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Mandarin is weirder than Cantonese

So says idibon.

Beijing Cream took the hint and ran with it: "Cantonese, Which Sounds Like A Jackhammer Mating With A Chainsaw, Is Apparently Less 'Weird' Than Mandarin".

When I first read these sensationalistic claims, I stood back, took a deep breath, and said to myself, "Wait a minute! There are lots of people (mostly Mandarin speakers!) who swear that Mandarin is the most pleasant sounding of all the Sinitic languages." Just what is it that has led idibon to declare Cantonese to be less weird than Mandarin?

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The Base, Al Qaeda, and gays in China

Through a curious concatenation of sociolinguistic forces, the word jīdì 基地 ("base") has brought such disparate entities as militant Islamic fundamentalism, homosexuality, and Sinology together.

Brendan O'Kane sent in the following photograph from Beijing, "snapped on the smaller, slightly more raucous bar street that runs parallel to the main Sanlitun drag. (I've always called it 'Skid Row,' but I assume it has a proper name.)"

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About those dialect maps making the rounds…

Unless you've been living under a rock, you've probably already seen Business Insider's "22 Maps That Show How Americans Speak English Totally Differently From Each Other." (Or, as it was originally titled, "22 Maps That Show the Deepest Linguistic Conflicts in America.") The piece has truly gone viral, garnering more than 21 million views, according to Business Insider. But there's been some confusion about the origins of the dialect survey data.

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Tabudish and the origins of Mandarin

In the comments to "Shanghainese", a lively discussion on the relationship between the Wu branch of Sinitic languages and early Mandarin has ensued.  Quoting South Coblin,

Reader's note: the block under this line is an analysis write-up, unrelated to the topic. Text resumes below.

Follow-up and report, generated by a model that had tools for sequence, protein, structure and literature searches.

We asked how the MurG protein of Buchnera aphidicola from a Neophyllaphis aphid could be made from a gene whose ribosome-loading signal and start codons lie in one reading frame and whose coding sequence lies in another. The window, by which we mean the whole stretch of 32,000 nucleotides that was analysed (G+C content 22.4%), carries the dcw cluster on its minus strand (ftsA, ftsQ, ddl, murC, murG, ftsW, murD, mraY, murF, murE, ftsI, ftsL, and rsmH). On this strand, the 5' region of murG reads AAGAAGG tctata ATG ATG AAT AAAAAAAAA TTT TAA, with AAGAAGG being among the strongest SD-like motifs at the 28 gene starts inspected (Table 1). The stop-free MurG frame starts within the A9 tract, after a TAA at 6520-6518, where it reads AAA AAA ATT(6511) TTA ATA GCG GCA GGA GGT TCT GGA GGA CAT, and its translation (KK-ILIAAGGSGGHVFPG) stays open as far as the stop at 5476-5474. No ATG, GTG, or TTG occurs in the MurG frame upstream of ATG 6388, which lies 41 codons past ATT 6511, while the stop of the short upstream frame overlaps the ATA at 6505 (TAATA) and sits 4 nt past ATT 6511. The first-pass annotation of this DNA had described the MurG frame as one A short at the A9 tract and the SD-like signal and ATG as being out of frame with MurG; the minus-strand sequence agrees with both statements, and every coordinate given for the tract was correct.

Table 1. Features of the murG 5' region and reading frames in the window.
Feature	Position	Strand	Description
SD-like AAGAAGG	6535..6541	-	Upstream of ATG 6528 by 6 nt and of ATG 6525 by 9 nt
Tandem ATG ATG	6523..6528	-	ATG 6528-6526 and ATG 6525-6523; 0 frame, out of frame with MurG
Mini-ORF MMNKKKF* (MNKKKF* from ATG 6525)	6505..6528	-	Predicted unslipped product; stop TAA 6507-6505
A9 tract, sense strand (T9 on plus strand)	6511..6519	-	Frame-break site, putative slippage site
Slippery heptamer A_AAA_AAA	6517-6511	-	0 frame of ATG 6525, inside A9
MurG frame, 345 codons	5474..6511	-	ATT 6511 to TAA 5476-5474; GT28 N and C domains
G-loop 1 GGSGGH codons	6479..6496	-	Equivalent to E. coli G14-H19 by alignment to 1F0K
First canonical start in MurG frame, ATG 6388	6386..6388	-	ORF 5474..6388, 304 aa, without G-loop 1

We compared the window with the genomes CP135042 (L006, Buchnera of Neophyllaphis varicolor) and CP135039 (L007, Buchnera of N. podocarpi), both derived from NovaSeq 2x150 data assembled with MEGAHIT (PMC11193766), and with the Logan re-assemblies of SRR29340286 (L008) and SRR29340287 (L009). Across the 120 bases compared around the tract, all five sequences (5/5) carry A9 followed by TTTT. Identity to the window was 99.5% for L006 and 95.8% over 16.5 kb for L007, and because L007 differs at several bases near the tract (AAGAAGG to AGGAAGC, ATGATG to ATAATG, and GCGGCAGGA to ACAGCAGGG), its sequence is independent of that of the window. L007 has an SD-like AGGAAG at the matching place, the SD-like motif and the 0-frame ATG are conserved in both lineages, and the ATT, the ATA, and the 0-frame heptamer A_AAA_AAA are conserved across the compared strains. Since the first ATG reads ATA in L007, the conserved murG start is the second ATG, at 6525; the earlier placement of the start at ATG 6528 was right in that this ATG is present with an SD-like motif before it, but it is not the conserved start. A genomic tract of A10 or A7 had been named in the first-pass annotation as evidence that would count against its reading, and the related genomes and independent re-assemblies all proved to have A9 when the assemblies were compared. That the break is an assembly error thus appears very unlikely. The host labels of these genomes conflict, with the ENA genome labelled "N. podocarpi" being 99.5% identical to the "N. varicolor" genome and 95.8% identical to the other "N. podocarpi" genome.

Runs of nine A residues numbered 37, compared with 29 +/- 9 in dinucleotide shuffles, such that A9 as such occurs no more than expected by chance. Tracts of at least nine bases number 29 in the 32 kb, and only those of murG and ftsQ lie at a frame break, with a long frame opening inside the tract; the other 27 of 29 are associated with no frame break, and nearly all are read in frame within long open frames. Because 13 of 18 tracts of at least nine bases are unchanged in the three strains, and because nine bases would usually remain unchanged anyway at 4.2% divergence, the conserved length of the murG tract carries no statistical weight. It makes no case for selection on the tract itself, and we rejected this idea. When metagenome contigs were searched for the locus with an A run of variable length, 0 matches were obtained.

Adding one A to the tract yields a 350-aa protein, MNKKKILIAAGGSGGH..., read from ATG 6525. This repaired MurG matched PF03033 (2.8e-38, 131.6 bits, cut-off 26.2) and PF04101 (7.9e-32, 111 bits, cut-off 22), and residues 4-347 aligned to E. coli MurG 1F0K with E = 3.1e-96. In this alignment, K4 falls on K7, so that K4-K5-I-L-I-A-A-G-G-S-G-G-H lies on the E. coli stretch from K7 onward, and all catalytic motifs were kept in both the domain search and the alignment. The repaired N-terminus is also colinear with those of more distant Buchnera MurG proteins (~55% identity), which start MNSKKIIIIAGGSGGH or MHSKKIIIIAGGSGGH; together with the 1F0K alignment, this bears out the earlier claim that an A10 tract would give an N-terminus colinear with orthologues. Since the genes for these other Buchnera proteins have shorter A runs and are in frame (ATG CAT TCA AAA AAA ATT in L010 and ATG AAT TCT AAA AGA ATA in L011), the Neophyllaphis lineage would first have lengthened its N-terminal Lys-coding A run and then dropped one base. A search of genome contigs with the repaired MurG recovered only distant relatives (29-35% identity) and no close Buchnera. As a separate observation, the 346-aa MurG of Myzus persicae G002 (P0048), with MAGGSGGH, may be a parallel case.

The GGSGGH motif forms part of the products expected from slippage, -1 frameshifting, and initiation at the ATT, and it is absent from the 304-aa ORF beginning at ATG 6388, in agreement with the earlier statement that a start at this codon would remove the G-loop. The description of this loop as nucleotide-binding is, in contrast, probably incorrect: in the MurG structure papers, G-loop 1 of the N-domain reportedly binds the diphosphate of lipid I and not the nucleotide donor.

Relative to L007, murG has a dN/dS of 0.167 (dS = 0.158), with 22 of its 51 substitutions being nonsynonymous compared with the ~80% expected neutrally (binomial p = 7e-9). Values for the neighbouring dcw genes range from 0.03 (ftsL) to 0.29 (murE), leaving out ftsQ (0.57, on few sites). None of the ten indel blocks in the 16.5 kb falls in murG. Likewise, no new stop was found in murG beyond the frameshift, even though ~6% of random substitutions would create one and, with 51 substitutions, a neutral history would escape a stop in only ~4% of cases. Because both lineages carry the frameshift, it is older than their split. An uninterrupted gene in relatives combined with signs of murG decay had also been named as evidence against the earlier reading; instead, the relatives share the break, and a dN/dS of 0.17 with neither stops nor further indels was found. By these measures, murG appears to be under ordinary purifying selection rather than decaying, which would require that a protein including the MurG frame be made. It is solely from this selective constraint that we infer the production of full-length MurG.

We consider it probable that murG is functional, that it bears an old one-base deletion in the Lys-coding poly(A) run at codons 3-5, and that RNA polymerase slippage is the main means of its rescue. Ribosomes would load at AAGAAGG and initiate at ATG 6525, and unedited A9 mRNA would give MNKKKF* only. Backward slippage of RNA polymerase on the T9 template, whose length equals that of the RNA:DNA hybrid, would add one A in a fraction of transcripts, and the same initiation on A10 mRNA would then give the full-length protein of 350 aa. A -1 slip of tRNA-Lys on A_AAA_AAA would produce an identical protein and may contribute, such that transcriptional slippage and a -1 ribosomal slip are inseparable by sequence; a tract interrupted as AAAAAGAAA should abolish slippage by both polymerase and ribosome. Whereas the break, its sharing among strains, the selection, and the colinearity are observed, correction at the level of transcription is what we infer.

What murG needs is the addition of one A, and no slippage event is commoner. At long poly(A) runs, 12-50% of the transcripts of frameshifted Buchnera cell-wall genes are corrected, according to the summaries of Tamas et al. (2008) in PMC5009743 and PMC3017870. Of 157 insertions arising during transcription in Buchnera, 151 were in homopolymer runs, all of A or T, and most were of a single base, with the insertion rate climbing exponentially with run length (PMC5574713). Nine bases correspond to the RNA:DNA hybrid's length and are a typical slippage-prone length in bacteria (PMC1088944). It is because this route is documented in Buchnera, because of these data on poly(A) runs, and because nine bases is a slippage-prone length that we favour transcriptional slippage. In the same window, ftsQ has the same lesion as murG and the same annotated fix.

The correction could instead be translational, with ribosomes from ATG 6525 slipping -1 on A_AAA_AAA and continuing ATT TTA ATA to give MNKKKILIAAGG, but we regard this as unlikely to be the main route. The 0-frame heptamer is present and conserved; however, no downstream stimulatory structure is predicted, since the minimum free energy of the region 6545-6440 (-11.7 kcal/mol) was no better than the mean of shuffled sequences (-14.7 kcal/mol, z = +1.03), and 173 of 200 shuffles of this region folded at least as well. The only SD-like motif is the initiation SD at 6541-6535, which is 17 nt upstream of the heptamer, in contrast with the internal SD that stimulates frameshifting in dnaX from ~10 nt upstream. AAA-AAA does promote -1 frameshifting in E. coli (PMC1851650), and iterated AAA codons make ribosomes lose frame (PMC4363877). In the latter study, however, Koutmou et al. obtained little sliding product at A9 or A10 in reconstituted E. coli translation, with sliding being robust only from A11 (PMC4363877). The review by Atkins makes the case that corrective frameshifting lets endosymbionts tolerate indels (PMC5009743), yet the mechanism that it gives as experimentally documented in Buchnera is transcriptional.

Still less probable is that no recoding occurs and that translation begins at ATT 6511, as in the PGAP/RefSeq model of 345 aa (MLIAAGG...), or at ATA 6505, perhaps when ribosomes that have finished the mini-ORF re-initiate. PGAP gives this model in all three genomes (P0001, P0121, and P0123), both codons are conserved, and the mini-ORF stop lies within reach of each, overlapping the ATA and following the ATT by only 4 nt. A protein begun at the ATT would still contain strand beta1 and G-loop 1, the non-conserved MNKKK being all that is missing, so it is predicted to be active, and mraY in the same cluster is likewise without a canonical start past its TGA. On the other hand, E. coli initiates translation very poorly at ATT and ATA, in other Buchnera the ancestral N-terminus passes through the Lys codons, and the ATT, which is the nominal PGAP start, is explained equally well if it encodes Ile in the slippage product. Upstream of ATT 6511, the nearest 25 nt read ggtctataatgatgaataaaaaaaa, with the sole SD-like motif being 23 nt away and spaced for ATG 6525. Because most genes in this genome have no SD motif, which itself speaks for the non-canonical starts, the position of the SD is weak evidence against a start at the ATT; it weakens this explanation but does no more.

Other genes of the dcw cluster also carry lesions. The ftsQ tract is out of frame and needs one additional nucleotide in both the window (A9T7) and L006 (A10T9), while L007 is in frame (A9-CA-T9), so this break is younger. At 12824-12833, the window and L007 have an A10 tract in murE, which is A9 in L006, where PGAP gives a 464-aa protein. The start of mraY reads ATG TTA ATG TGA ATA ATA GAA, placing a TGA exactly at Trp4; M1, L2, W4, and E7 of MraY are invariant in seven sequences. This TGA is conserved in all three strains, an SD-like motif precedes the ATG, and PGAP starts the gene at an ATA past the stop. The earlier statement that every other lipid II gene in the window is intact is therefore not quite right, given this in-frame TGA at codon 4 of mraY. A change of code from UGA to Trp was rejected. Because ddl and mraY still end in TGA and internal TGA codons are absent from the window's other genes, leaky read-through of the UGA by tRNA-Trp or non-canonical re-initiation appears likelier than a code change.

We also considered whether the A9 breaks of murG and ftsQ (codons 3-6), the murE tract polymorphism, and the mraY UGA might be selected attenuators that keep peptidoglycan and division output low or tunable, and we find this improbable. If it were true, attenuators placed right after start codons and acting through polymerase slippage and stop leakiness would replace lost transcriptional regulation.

This reminds me … of something Jerry Norman was wont to say, i.e., that there were three good criteria for identifying Mandarin and deciding how old the family is. These are the concurrent presence of the third person pronoun tā, the negative bù, and the subordinative particle de/di. Jerry called languages of this type “Tabudish”, and he sometimes used this name for them in correspondence with me.

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Just yesterday, in "The enigmatic language of the new Windows 8 ads", we saw how delicate and uncertain is the comprehension of forms of Chinese that one is not intimately familiar with. A significant part of the problem is the result of a psychological barrier to understanding that comes from unfamiliarity with the context and content of what is being said. Thus, even though there was a considerable amount of Mandarin spoken in the videos of my post about the Windows 8 ads, of the scores of native speakers whom I consulted, no one could pick it out from the stream of sounds they were hearing.

The most important obstacle to intelligibility, of course, is the sheer difference (in grammar, syntax, phonology, vocabulary, etc.) among the topolectal varieties of Chinese. In this post, to show how dissimilar Modern Standard Mandarin (MSM) is from one of the most important Sinitic topolects, we shall look closely at a text composed in rather colloquial Shanghainese.